Blame it on the pandemic. Or blame the pandemic on it.
But “it” has gone off-the-wall crazy here recently: nooses at construction sites, racist graffiti on garage doors, hate attacks on mosques followed by a fatal stabbing, and the vile act of replacing a student’s high school yearbook tribute to his grandmother with a racist message that rocks one’s world — in this case 16-year-old Joshua Telemaque’s.
And you thought we’d moved past the racism plague, especially here in Toronto the Good.
As spring turned to summer we might have been forgiven the thought that the world had been awakened to anti-Black racism — that “the times they are a-changing,” and, y’know, “We shall overcome.”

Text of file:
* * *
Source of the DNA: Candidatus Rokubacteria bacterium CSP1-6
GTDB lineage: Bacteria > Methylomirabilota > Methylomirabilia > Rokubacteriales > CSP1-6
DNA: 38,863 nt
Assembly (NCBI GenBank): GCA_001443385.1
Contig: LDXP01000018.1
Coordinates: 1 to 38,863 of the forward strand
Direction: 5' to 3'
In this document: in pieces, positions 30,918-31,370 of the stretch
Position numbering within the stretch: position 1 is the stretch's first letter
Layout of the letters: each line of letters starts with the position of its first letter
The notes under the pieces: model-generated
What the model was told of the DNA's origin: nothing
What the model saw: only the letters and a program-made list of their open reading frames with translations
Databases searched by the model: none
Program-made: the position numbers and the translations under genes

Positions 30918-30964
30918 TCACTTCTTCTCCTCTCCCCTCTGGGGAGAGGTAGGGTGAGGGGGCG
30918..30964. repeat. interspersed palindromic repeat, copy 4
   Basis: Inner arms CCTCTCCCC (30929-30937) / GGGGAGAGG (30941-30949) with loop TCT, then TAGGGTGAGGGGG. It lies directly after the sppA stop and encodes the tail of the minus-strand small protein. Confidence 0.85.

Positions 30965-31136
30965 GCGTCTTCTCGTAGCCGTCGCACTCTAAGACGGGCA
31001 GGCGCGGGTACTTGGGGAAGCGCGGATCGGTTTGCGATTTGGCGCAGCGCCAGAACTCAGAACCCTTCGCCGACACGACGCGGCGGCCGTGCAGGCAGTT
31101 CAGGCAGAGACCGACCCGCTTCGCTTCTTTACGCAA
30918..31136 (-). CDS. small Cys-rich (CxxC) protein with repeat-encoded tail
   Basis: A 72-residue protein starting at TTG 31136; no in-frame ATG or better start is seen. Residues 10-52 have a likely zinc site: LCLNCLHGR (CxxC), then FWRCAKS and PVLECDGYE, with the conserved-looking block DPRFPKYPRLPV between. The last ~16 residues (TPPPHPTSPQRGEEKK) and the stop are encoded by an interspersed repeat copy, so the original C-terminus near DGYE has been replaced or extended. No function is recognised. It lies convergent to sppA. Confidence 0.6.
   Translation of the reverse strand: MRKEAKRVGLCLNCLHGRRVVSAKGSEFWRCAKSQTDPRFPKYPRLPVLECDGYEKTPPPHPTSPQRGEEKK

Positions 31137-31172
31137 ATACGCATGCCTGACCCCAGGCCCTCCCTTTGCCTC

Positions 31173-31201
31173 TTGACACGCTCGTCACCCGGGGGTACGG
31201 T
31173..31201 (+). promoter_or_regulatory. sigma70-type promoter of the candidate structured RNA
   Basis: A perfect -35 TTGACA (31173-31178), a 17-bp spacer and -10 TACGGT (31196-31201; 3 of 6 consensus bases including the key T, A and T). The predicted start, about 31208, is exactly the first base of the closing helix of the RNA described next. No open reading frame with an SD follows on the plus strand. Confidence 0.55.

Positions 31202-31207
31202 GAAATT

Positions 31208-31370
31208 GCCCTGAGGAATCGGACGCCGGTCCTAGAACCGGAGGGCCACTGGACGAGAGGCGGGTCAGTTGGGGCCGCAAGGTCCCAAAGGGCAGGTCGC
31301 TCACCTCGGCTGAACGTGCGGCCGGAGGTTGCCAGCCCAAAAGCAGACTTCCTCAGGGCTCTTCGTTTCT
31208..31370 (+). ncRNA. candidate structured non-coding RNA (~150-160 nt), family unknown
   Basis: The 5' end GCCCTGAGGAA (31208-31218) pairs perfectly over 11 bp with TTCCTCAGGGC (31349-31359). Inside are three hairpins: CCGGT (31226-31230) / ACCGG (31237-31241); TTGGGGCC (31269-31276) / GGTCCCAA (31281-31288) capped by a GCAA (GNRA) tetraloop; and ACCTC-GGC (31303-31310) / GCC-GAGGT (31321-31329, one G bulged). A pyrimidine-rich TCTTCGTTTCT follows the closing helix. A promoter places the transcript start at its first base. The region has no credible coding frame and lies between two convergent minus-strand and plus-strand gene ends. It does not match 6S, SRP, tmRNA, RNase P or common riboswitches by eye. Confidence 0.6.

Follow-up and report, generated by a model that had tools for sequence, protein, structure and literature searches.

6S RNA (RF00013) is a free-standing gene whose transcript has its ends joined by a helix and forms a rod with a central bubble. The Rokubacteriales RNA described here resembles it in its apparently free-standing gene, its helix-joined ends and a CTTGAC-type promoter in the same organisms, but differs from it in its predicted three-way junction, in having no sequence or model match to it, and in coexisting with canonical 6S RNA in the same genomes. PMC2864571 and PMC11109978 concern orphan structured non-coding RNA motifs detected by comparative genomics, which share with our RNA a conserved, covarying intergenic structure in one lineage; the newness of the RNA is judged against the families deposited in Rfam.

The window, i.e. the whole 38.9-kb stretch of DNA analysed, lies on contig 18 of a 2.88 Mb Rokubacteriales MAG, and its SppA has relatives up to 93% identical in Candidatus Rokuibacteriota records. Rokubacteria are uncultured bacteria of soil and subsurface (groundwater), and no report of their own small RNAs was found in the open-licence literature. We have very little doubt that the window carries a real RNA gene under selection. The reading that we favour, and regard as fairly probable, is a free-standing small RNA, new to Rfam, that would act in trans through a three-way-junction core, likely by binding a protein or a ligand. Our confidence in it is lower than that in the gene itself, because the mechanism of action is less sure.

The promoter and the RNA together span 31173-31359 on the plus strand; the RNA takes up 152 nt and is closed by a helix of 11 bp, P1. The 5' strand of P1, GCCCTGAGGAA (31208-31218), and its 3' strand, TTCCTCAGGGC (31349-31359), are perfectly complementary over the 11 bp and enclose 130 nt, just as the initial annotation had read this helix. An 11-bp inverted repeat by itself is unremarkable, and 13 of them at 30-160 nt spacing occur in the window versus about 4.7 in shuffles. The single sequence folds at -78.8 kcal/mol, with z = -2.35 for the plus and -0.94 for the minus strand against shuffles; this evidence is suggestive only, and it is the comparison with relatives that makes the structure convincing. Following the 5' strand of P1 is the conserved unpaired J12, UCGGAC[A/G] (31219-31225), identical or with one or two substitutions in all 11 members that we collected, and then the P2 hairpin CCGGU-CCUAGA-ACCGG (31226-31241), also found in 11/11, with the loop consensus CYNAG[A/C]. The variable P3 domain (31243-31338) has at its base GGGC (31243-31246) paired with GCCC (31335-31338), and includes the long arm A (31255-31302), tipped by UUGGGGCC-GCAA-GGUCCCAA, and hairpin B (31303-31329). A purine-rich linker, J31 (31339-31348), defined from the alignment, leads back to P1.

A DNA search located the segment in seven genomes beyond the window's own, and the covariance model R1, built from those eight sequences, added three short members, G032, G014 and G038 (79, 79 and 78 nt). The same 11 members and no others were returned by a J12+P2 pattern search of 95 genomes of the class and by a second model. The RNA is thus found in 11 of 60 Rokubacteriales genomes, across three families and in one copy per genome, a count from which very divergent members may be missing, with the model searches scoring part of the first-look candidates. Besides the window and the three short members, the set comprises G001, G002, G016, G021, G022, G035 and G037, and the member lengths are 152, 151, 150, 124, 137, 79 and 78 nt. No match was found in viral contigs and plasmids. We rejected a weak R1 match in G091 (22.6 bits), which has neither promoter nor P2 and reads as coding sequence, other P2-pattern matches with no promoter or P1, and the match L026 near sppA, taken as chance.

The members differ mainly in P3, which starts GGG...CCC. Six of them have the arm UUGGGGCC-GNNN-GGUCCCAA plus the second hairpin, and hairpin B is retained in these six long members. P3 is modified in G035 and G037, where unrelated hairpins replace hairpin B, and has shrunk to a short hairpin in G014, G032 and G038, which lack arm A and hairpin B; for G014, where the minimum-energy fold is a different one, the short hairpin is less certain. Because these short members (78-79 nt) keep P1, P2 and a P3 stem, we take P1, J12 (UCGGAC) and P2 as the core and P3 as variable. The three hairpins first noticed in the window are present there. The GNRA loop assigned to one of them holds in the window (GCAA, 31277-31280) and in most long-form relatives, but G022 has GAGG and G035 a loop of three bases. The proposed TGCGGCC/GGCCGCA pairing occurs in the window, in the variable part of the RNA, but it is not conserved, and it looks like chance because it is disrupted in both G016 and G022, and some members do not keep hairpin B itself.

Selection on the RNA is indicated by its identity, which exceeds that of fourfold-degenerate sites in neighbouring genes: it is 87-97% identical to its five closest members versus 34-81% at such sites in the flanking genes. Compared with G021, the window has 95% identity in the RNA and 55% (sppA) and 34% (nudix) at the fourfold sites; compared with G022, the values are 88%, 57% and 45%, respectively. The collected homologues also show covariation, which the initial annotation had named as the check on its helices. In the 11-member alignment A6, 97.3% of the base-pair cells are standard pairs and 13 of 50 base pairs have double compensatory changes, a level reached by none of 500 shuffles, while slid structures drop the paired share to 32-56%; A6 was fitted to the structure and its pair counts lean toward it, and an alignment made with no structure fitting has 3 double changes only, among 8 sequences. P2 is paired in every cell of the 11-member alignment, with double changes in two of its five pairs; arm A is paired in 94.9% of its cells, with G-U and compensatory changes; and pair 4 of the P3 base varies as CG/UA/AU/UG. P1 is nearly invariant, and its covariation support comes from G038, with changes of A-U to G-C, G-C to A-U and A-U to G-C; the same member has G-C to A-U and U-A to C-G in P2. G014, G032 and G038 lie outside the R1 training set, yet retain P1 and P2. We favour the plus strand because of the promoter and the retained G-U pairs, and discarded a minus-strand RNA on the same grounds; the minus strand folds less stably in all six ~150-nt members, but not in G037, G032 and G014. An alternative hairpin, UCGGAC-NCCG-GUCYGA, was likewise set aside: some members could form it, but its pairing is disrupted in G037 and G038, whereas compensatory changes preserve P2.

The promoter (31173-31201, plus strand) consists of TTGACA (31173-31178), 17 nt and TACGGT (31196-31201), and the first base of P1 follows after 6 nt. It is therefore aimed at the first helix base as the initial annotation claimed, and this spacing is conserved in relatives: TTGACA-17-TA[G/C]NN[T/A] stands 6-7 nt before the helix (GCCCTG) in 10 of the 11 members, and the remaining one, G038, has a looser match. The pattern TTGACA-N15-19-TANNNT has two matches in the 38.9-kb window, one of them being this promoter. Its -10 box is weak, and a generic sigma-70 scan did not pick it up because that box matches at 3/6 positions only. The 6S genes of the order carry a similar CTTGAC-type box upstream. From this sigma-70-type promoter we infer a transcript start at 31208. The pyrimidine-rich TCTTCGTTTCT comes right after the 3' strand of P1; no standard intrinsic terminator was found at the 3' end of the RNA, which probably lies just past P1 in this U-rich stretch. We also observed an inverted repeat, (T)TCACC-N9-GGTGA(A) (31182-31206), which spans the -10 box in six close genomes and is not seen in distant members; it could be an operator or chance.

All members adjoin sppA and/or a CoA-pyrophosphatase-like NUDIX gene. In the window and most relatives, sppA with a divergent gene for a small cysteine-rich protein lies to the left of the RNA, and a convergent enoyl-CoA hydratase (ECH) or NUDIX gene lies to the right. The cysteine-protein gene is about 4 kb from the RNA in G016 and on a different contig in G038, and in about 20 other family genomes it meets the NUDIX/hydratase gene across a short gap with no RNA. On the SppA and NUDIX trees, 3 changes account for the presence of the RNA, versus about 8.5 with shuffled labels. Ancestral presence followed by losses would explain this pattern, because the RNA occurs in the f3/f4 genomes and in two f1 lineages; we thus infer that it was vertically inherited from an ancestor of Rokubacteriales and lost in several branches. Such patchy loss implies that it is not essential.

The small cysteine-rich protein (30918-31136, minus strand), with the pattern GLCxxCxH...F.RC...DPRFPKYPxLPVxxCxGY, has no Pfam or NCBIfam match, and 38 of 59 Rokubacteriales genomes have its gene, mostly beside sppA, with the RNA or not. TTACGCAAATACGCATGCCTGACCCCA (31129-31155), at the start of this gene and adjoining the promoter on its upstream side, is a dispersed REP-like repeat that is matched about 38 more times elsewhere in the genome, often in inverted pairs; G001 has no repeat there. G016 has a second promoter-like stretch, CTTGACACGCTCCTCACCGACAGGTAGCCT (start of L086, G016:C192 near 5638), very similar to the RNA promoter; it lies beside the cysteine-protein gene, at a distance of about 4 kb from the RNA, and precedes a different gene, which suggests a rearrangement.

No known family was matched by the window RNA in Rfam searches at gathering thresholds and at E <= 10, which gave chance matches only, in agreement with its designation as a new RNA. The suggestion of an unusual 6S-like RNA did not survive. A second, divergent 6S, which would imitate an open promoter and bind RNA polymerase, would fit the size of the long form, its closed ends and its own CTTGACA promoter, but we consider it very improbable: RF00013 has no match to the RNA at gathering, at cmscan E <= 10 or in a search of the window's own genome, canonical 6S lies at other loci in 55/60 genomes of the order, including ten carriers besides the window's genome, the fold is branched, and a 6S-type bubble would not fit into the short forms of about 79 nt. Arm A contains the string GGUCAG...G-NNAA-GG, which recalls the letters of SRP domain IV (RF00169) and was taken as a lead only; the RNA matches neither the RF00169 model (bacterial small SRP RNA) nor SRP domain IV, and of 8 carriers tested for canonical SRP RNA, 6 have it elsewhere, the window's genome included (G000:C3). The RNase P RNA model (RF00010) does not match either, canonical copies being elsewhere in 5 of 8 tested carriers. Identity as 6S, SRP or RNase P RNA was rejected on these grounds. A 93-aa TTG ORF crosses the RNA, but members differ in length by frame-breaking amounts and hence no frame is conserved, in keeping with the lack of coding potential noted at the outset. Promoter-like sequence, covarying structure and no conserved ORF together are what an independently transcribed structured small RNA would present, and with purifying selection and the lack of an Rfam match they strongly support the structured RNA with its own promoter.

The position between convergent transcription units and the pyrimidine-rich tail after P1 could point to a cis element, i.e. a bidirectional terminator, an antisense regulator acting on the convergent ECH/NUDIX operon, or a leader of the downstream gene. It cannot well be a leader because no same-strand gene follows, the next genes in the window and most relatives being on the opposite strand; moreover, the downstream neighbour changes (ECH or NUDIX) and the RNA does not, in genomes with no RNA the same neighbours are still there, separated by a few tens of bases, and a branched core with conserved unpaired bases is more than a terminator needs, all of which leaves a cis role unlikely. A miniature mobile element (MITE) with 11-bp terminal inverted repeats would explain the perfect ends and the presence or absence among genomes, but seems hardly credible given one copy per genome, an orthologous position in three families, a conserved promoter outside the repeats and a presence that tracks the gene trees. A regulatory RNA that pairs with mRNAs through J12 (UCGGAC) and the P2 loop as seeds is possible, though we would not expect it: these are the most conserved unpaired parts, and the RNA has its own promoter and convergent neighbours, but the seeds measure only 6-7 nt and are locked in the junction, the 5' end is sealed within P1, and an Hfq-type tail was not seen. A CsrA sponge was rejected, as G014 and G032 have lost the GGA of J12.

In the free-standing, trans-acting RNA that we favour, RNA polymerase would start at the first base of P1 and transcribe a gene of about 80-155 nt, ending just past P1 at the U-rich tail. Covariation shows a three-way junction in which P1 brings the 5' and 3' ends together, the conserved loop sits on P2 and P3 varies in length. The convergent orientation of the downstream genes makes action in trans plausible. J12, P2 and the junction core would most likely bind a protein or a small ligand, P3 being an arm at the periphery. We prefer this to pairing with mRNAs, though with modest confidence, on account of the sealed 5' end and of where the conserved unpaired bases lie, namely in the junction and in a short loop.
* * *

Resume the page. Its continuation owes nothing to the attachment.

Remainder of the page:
The tragic irony of George Floyd’s death — an execution really — under the knee of a Minneapolis policeman, was that it concocted a vision of a better world in which Black lives, in particular, mattered; and that people of colour and their Indigenous cousins had a right to a fair share of the space. The protest signs said it. The social media posts reinforced it. The demonstrations around the globe seemed to affirm it.
Admittedly, from time to time we experience a kind of reckoning, only to lapse or fall back to the privileged status quo. This time, though, felt different. Till it wasn’t.
Who does these perverse things — display nooses at condo construction sites and at East York hospital project? In Regent Park? On Bay Street?
What would possess a student to take a…